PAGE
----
Let’s now turn our attention to 2018. While I doubt we’ll see a complete reversal to 2015 seed round figures, I am hopeful that we’ll experience some thawing in the seed round market next year.

Projected rise in “Pre-seed” rounds

Most define pre-seed as pre-product/limited traction rounds that are sized at $1MM or less. As others have written about recently, there appears to be a ripe opportunity for investors at the pre-seed level, where valuations and round sizes are much more reasonable for small seed funds (and where I think small funds should be playing more).

However, the past couple of years have evidenced seed funds focusing later in the seed stack, regardless of fund size. I think (hope) this will change as smaller seed funds place more weight on initial ownership and taking a lead position, something that’s most likely only earlier in the seed stack.

To note, 48% of new seed fund managers in 2017 raised funds that currently are sub-$25MM (a trend I expect to continue in 2018 as institutional limited partner capital for new entrants without established track records continues to dry). Assuming the recently renewed interest toward pre-seed continues, we should see more seed firms become pre-seed focused like Bee Partners, Wonder Ventures, and Precursor Ventures. This should in theory reduce the concentration of capital into few deals within seed.

Continued growth in new seed funds

As noted by the chart above, the growth in new seed funds has been nothing short of staggering, and despite what could be a more complicated fundraising environment, I’m expecting another robust year for new seed funds in 2018. According to Preqin, there are 590 first time venture firms globally IN market today fundraising. While the long term outlook of these firms is expected to a normal venture power law curve (and I believe we’re headed for consolidation), the short-medium term effect for founders is a greater number of potential seed funders.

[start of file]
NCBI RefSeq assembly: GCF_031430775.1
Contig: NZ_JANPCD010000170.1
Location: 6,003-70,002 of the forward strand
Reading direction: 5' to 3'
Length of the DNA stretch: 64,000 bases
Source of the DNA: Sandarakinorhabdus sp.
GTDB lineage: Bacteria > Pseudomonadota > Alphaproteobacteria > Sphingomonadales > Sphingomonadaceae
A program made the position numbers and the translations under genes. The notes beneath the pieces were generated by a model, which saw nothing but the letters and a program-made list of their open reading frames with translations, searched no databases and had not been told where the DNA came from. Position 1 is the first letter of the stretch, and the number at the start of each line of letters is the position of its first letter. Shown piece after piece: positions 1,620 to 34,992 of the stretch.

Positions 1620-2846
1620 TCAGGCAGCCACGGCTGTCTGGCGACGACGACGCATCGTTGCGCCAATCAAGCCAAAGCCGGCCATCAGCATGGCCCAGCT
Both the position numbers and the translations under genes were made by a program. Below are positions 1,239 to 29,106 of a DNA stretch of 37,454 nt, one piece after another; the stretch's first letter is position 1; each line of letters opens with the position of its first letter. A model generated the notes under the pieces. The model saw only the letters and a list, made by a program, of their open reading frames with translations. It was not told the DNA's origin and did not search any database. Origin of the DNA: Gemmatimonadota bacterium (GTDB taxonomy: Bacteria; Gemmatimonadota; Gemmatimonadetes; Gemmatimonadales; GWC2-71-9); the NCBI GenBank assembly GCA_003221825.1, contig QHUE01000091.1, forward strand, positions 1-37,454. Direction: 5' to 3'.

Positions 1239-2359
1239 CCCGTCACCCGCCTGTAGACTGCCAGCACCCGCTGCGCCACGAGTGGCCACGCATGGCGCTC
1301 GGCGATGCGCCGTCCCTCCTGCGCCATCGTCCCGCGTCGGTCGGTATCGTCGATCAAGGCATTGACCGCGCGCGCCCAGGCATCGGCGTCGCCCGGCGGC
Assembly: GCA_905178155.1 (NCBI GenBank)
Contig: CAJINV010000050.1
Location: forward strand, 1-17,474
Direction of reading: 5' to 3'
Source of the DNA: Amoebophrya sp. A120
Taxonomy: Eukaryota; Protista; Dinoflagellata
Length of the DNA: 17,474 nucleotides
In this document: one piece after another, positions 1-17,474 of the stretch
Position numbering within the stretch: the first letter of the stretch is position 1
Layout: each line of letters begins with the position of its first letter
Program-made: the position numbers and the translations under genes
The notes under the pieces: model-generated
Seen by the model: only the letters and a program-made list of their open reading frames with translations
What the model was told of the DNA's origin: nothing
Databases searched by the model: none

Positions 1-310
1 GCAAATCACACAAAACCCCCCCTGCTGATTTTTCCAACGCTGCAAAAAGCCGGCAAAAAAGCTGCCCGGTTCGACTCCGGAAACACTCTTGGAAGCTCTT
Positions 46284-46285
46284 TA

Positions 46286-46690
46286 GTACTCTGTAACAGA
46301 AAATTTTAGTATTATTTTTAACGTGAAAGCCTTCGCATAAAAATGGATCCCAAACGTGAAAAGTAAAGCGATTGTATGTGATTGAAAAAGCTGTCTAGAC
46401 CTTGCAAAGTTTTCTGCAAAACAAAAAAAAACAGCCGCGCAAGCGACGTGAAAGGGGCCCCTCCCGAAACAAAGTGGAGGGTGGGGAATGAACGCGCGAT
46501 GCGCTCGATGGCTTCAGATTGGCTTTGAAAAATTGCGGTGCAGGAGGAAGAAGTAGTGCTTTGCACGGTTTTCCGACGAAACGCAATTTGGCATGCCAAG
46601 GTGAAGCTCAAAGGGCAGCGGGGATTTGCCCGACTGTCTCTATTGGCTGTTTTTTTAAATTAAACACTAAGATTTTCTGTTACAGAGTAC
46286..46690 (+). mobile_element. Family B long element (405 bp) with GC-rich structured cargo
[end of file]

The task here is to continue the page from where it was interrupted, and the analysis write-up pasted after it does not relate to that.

Growth in Non-Coastal markets

As the importance of technology has become widely recognized across markets, we’ve seen the continued evolution of technology hubs outside of the coasts. Areas such as Austin, Seattle, Atlanta, Chicago, and other non-coastal cities are maturing rapidly. In the past, institutional seed financing in these areas were non-existent as opportunities to invest were limited. As the barriers of building a non-coastal technology company has come down dramatically over the last few years (and in many cases comes with distinct advantages), we’re seeing more non-coastal focused seed funds. As such, I expect seed activity in non-coastal areas to ramp up significantly in 2018.

For founders: While the seed data is viscerally concerning and should be taken seriously, I think the careful analysis of the landscape reveals a much rosier picture for the year ahead.